Chiang Yat Hung, Chan Ping Chuen Albert, Hui Chi Man Eddie  (2002) shows the inter-relationship between cost of capital, capital structure and profitability among property developers and contractors in Hong Kong. The data for this research paper was collected from Datastream, an electronic financial database. The analysis of this paper shows that gearing is generally higher among contractors than developers and capital gearing is positively related with asset but negatively with profit margins.
Panayiotis P. Athanasoglou, Sophocles N. Brissimis, Matthaios D. Delis  (2005) found the determinants of profitability in banking sector. According to their study size of the bank, financial strength, ownership status, operating expanse, cost decisions of bank’s management are the major factors influencing the profitability of Banks.
This study sampled 20 banks (list of banks will be provided on request), mostly from private sector. This study is based on quantitative data analysis. Financial data was collected from annual reports of the banks. The proposed period is from 2004 to 2008. Independent variable is Capital structure which is analyzed through gearing ratio [ii] and equity multiplier [iii] . Gearing ratio and equity multiplier are used to investigate the relationship of long term liabilities [iv] and total assets with shareholder’s equity. Profitability is dependent variable which is measured through commonly used Return on Assets [v] and Return on Equity [vi] . Expanses of the bank are very important factor to measure profitability according to Panayiotis P. Athanasoglou (2005). Net Interest Margin [vii] , Efficiency ratio [viii] , burden ratio [ix] , spread ratio [x] are taken for analysis which are linked with bank expanses, some variables are used in relation with earning assets [xi] and interest bearing liabilities [xii] . Along with these variables earning base [xiii] is also used for measuring profitability. Size is taken as control variable in this research.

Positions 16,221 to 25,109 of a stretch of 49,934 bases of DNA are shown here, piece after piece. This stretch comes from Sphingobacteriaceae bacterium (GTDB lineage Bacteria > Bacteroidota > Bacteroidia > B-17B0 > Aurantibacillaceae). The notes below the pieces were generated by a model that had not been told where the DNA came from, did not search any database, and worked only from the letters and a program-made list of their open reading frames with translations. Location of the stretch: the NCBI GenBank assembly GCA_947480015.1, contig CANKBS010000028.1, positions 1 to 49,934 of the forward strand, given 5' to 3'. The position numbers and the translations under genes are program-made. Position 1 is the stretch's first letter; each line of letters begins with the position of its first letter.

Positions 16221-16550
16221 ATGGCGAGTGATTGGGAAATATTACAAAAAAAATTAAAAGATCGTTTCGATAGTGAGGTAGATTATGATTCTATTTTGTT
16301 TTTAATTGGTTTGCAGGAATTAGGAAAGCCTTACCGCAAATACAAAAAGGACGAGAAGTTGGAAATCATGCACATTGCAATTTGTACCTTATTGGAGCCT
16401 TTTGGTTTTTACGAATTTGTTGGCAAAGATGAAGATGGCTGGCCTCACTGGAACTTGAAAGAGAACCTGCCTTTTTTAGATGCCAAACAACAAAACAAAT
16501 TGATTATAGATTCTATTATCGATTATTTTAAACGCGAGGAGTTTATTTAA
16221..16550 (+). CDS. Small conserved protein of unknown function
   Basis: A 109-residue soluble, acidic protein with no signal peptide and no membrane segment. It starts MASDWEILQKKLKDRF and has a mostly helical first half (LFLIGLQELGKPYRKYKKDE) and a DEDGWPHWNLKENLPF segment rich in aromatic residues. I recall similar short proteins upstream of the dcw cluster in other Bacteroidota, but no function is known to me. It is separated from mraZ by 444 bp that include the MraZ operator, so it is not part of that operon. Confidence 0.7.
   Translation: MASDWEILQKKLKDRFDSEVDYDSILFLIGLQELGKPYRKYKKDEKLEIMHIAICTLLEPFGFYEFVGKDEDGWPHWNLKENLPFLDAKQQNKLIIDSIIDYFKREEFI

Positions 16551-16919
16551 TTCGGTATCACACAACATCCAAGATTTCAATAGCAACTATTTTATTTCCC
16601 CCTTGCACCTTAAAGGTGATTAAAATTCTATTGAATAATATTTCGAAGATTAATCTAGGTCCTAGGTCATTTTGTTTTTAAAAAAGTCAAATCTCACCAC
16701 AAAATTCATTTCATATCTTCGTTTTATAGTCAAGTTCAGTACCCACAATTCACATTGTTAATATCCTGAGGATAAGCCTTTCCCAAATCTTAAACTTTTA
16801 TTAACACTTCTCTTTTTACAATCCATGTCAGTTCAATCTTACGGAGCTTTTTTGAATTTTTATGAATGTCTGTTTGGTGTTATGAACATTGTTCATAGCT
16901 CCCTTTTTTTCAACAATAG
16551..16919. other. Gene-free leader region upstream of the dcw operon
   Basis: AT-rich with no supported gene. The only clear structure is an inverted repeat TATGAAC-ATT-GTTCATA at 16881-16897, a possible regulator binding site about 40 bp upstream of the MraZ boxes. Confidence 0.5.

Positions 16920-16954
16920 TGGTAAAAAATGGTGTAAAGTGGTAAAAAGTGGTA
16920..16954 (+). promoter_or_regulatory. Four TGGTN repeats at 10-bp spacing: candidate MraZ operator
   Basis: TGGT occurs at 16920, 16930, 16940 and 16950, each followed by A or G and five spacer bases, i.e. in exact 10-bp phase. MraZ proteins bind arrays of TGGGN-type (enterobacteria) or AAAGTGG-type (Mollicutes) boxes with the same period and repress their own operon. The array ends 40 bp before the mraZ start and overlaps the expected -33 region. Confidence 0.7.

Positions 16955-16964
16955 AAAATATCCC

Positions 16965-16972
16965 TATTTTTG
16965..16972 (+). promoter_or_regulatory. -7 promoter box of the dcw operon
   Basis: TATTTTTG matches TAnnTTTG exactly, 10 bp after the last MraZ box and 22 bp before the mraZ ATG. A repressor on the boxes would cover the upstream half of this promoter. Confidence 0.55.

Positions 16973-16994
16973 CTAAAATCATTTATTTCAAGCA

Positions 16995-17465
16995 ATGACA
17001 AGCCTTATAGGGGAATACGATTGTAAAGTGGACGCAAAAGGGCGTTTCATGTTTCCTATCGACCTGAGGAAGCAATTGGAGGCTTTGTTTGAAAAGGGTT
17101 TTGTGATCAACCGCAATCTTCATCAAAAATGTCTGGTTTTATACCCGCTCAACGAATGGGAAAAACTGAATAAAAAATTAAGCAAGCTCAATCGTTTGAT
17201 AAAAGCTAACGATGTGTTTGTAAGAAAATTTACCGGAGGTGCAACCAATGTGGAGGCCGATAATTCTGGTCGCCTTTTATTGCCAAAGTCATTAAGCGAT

In the first phase financial data is collected from the annual reports of banks and is analyzed through above mentioned ratios in the second phase. Collected data was in the form of panel data which allows the use of panel data methodology. Panel data refers to two-dimension data containing observations on multiple phenomena observed over multiple time periods. This dataset have data on i cases, over t time periods, for a total of i × t observations. Third phase is comprised of analysis of this panel data with the help of regression tool.